China: 44640 minutes of fame

This is the third episode in a series on freedom and China. Previous posts were about the elegant carelessness I found in Chinese culture and about feeling safe: two causes of the sense of liberty I experienced while visiting the country for a month. I want to discuss a third factor here – one with less positive overtones.

Last time I spoke about anonymity. This time I’ll speak of celebrity.

The more billboards, adverts and shop-windows we saw on our journey, the clearer it became that a European look is a sign of beauty in China. A big proportion of the models promoting the clothes and jewellery, cars and real estate on sale, is of European lineage.

In other cases, I only thought they were European at first sight. On closer inspection, they had been made up to change, for instance, the shape of their eyes. Extra lines and glue create the impression of a ‘double eyelid’. Many East Asians even resort to plastic surgery to achieve this extra wrinkle. The same applies to other eye characteristics and to noses – which are supposedly prettier when they are bigger. Another technique, which we could study in detail in the sleeper trains we took, is to try make the skin whiter as well as ‘younger’ with (toxic) creams, electric devices, and old-fashioned slapping.

To a large extent, these beauty ideals show the influence of North American pop culture, and of the history of European colonialism. Some of it – such as the whiteness ideal – may also be a much older home-grown desire, based in class politics and the division between those who had to work (in the sun) and those with leisure. But a large part of this beauty ideal that we found in Chinese cities is clearly a form of racism that values a European appearance over an East Asian.

To me, these practices and desires were frankly horrid. And yet I cannot deny I benefited from them.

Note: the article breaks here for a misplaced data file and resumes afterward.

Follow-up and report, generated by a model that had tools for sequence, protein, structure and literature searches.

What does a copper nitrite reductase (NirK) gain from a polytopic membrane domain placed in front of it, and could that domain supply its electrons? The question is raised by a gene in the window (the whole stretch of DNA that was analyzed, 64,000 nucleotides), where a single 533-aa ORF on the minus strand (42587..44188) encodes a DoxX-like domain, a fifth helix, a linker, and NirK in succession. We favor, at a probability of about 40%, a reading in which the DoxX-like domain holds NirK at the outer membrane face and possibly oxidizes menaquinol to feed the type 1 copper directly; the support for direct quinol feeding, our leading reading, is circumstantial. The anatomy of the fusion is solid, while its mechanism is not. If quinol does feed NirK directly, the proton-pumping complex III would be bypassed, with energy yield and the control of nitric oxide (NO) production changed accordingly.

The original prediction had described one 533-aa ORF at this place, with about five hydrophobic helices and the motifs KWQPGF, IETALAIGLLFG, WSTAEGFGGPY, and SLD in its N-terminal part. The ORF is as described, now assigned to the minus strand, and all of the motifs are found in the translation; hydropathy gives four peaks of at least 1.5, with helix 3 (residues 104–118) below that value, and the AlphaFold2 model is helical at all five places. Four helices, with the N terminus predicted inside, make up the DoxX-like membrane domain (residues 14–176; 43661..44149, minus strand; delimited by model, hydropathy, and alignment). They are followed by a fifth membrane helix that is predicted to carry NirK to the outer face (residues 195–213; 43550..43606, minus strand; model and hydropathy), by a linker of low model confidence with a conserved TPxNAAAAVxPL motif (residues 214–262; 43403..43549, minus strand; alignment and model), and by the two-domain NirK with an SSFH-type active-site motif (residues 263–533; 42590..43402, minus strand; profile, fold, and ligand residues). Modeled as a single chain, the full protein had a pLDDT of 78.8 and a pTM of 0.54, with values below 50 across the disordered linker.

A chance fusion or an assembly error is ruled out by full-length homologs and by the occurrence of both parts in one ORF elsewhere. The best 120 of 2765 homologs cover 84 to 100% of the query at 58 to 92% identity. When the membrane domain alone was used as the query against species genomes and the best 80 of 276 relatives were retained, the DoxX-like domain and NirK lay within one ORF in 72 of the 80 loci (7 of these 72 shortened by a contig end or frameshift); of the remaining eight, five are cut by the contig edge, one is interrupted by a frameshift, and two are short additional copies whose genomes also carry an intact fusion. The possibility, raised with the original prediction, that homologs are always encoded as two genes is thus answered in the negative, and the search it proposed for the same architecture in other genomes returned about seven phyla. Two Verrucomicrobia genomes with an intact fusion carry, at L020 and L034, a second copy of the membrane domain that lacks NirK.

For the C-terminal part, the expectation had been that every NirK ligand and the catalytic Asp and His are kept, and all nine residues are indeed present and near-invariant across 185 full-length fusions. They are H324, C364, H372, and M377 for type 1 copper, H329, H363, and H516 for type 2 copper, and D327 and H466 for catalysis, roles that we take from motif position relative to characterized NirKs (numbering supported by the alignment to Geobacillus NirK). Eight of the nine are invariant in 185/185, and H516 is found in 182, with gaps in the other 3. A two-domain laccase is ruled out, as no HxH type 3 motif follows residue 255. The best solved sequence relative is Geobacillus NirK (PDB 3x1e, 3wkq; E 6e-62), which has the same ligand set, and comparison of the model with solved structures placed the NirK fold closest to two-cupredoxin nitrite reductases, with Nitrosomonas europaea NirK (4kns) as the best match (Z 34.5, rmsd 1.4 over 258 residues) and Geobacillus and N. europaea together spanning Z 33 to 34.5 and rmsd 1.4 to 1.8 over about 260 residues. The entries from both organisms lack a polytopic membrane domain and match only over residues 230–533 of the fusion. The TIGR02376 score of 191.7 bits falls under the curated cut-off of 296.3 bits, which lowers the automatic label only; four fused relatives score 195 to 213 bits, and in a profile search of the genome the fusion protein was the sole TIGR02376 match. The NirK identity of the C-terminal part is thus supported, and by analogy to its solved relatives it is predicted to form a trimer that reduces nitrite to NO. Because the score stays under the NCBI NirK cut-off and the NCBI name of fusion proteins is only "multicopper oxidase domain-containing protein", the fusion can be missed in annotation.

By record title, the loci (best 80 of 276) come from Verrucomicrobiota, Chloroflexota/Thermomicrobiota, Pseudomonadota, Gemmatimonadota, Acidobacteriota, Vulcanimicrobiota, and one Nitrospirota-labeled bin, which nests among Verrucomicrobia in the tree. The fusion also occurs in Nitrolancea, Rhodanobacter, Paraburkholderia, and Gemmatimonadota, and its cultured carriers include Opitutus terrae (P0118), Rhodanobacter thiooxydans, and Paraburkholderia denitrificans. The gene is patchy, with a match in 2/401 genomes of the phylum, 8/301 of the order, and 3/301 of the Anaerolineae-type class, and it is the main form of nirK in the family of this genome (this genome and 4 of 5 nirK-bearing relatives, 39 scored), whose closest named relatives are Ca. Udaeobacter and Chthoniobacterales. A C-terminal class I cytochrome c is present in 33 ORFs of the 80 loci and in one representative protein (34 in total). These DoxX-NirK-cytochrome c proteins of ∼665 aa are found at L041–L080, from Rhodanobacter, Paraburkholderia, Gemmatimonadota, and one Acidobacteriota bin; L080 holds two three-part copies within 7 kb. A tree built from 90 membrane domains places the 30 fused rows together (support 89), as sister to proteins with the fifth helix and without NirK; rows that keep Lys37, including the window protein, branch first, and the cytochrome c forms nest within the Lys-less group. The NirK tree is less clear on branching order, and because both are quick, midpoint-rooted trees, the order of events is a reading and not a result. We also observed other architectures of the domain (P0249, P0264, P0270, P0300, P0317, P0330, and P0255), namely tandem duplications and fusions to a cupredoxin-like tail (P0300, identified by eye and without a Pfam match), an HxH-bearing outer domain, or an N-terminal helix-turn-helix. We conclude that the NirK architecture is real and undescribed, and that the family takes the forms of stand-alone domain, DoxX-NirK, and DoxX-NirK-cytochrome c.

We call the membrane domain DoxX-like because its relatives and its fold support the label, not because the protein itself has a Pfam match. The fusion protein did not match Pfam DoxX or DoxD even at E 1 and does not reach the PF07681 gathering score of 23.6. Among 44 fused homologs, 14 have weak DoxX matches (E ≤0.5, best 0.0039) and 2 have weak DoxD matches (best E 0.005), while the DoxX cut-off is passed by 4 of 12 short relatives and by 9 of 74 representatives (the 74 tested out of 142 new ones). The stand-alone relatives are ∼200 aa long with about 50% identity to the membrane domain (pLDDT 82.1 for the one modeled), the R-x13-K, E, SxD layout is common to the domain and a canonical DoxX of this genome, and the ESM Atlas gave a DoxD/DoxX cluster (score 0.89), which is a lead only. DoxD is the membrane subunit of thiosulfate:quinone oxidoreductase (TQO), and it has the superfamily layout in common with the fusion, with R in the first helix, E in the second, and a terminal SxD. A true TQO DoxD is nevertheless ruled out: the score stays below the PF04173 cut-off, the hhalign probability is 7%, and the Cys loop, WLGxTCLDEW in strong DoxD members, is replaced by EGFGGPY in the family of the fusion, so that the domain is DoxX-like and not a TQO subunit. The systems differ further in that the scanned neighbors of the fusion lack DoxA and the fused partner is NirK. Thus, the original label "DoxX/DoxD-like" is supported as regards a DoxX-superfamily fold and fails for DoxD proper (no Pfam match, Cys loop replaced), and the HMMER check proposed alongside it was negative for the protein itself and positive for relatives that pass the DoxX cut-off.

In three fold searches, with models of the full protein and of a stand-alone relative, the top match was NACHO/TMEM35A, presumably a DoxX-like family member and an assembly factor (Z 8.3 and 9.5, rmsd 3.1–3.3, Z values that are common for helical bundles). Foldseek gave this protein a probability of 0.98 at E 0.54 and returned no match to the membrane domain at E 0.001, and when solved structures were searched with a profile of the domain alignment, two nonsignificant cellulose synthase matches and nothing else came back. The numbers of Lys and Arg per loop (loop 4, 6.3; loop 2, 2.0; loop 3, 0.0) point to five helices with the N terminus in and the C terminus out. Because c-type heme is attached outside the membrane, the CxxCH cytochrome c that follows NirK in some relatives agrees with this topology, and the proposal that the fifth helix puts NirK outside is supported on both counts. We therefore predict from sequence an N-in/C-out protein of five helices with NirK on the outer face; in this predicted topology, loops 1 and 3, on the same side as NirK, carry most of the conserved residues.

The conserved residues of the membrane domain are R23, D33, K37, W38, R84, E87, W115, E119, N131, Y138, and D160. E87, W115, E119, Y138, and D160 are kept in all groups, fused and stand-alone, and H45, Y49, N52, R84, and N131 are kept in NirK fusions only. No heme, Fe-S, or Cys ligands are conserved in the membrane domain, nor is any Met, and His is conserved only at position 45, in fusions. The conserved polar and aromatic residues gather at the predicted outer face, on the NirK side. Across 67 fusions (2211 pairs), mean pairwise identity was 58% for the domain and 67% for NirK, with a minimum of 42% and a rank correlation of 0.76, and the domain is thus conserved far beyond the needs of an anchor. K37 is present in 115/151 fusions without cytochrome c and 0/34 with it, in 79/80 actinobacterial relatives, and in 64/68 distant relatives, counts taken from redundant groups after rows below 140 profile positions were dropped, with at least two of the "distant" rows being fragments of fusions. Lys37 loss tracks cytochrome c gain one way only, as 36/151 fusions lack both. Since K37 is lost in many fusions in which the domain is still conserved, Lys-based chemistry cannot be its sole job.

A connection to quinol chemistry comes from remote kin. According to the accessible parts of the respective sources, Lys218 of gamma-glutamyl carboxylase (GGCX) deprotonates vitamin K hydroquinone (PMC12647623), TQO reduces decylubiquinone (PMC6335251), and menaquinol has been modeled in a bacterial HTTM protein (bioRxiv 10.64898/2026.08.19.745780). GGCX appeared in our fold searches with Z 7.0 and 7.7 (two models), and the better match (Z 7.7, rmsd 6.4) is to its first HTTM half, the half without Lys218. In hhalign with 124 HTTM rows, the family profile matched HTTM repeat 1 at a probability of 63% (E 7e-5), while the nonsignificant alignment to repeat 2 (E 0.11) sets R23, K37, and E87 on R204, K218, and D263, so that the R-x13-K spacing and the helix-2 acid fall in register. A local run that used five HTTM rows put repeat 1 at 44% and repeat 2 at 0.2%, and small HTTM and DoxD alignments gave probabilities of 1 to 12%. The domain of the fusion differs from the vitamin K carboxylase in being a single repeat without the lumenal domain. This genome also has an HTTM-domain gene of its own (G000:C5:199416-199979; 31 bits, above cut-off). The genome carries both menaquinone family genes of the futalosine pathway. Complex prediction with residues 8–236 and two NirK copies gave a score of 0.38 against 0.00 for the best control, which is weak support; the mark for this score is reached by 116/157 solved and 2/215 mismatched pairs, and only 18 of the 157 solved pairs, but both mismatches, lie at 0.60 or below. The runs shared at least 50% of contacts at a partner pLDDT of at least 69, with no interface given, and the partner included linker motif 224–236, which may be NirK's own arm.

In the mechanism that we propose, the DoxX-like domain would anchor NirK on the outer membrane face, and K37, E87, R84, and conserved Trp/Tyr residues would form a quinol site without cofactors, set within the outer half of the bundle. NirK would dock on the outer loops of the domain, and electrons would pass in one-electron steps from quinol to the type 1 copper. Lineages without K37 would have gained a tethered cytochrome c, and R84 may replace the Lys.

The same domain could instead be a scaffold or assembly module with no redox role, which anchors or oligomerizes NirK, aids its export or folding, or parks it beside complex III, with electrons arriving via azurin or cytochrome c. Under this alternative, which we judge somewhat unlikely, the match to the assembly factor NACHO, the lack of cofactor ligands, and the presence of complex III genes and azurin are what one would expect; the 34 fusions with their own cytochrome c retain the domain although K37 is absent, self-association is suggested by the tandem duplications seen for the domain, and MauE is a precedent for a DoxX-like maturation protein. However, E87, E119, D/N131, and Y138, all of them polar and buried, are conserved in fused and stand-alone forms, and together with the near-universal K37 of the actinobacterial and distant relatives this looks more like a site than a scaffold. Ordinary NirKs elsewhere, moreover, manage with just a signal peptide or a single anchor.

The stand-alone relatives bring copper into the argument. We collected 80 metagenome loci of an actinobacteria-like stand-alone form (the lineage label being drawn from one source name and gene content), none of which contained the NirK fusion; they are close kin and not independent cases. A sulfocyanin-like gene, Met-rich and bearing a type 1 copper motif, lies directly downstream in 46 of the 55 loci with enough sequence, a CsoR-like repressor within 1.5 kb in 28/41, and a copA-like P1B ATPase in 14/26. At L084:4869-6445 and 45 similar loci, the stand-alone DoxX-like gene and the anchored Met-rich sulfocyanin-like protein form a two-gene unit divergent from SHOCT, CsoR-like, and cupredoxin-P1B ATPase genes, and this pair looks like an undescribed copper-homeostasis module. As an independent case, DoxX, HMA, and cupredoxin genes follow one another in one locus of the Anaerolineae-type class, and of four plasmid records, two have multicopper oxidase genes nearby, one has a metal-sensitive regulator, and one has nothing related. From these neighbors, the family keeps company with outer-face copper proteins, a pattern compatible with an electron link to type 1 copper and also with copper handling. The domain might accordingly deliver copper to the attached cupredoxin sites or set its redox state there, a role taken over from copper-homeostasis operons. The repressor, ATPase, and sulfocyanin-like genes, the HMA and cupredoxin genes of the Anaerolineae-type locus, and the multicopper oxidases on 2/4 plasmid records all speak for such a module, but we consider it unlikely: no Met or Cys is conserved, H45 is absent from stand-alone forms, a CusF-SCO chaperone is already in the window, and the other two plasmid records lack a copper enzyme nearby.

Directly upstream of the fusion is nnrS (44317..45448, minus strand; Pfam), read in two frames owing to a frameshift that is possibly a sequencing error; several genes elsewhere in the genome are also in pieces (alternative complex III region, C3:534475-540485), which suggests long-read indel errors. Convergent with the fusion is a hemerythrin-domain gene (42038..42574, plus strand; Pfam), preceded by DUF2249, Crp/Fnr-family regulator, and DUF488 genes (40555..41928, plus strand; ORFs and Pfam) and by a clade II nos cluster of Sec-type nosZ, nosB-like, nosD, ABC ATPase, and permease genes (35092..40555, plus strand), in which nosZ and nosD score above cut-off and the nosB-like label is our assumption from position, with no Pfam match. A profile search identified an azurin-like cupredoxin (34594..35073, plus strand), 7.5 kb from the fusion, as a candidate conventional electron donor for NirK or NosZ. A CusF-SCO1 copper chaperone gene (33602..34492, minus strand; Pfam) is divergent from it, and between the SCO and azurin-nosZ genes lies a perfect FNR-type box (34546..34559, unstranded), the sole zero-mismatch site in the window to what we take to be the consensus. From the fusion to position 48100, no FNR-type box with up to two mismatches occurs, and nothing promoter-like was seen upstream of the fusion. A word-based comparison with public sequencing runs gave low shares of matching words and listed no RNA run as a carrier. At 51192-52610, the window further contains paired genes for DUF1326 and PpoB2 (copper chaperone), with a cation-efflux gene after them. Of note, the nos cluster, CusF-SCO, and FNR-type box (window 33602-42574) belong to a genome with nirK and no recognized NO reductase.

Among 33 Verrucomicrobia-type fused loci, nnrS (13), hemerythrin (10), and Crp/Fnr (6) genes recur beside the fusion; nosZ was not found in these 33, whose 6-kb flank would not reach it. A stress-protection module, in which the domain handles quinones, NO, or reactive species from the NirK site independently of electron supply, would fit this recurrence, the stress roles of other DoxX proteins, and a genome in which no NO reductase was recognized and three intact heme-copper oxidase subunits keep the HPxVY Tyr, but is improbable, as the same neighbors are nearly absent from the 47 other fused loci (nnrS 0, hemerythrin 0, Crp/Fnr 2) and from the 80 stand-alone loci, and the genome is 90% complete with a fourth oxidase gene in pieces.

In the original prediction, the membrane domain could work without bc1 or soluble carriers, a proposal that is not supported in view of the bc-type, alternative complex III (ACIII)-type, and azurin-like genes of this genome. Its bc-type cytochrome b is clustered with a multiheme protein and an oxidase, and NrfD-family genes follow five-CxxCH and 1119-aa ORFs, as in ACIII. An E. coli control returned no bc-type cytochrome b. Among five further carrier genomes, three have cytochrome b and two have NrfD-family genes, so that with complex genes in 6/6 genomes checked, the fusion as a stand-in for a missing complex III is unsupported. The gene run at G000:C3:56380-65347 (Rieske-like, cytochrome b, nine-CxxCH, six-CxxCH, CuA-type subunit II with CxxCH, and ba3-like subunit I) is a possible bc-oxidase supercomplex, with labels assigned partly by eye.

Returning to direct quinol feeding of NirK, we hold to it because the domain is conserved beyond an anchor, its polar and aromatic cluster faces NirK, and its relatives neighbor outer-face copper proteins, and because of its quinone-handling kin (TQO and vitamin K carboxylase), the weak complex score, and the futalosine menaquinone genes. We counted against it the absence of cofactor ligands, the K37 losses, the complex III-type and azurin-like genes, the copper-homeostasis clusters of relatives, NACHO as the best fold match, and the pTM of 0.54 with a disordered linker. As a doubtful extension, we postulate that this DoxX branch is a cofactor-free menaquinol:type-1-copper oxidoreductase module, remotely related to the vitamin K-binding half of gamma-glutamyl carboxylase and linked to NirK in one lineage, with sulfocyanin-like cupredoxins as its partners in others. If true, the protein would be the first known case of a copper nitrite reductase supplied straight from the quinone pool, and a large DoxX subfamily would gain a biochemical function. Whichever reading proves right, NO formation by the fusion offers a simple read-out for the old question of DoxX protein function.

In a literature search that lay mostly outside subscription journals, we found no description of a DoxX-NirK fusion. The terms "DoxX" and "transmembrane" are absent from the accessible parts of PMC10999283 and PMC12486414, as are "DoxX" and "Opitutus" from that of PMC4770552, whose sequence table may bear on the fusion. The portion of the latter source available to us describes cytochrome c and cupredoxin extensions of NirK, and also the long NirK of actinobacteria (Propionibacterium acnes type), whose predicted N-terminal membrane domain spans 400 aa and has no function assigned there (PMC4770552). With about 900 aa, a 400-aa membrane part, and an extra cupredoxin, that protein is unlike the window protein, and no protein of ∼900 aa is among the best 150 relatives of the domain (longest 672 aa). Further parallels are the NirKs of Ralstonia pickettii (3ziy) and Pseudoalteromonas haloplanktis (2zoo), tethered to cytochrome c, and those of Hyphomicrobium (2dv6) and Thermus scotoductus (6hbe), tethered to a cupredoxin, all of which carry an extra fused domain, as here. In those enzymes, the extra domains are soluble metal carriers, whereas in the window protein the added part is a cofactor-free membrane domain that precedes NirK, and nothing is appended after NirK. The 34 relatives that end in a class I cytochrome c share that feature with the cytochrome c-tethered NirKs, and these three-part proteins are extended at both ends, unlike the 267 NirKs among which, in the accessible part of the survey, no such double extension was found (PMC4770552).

Throughout my stay in China, I was showered with a inordinate amount of attention. And so were my European-looking co-travellers. Some would no doubt give us attention because they were curious or sincerely interested or because they like to mock a foreign tourist. However, much of the attention we got was clearly positive and amounted to admiration. The blonder, the taller, and the bigger the nose, the better.

We posed for literally hundreds of photos; more than I have of ourselves. (I wonder what happened with them?) On one boat trip, an actual queue formed of people wanting to talk to us and take our photo. For our fellow tourists – our Chinese fellow tourists – we had become an attraction in our own right.

CelebrityinChina

We had become ‘iconic’ indeed. On the left: someone from our group. All the others in the photo: unacquainted tourists. Of course, by taking this picture, I placed myself in their company.

Shy boys and giggly girls would come up to me for a chat. At the conference, a boy confessed he was a ‘fan of both your work and you as a person’. One waitress took the trouble of asking her colleagues to write a note in English, with which she approached me after dinner. It said: can I have a photo of us together? And so on. Never in my life have I had so many girls tell me I’m beautiful. (Another thing Northwestern Europeans can learn from people in the rest in the world: how to be less skimpy in their compliments.)

There’s nothing like receiving compliments from strangers at any moment of the day, for boosting your confidence. And there’s nothing like confidence for making you smile and feel at ease. And, as one in our group remarked, the effect spirals upwards because the more you smile and feel at ease, the prettier you will be.

China’s European bias – who knows how long it is to last? – therefore added another layer to my sense of liberty there.

I had not expected to find something which I detest so deeply – privilege rooted in racism – leading me to feel so good.

True, part of the reason that large chunks of my journey made me laugh and smile, were precisely because I was aware of this ridiculous situation; because I had the feeling I had stepped into a period drama, set in the age of empire. Having grown up in the place I did, I had never encountered such ostentatious privileging in real life. The situation was overly familiar, but only from books and films, which made it almost fictional at times.

Have I now also got a taste of the dangerous attractions of real imperialism?

One thought on “China: 44640 minutes of fame

  1. You make a really good point about that uncomfortable intersection between admiration and a kind of privilege that’s rooted in racism. It must have been pretty odd to have been photographed so many times, and by strangers. My brother, who at the time had ginger hair (he’s gone grey since) went to Japan years back and said he got loads of attention from women. Knowing him, he probably loved it. At the time I thought it was because he was just a novelty but didn’t really think about the wider implications of it…

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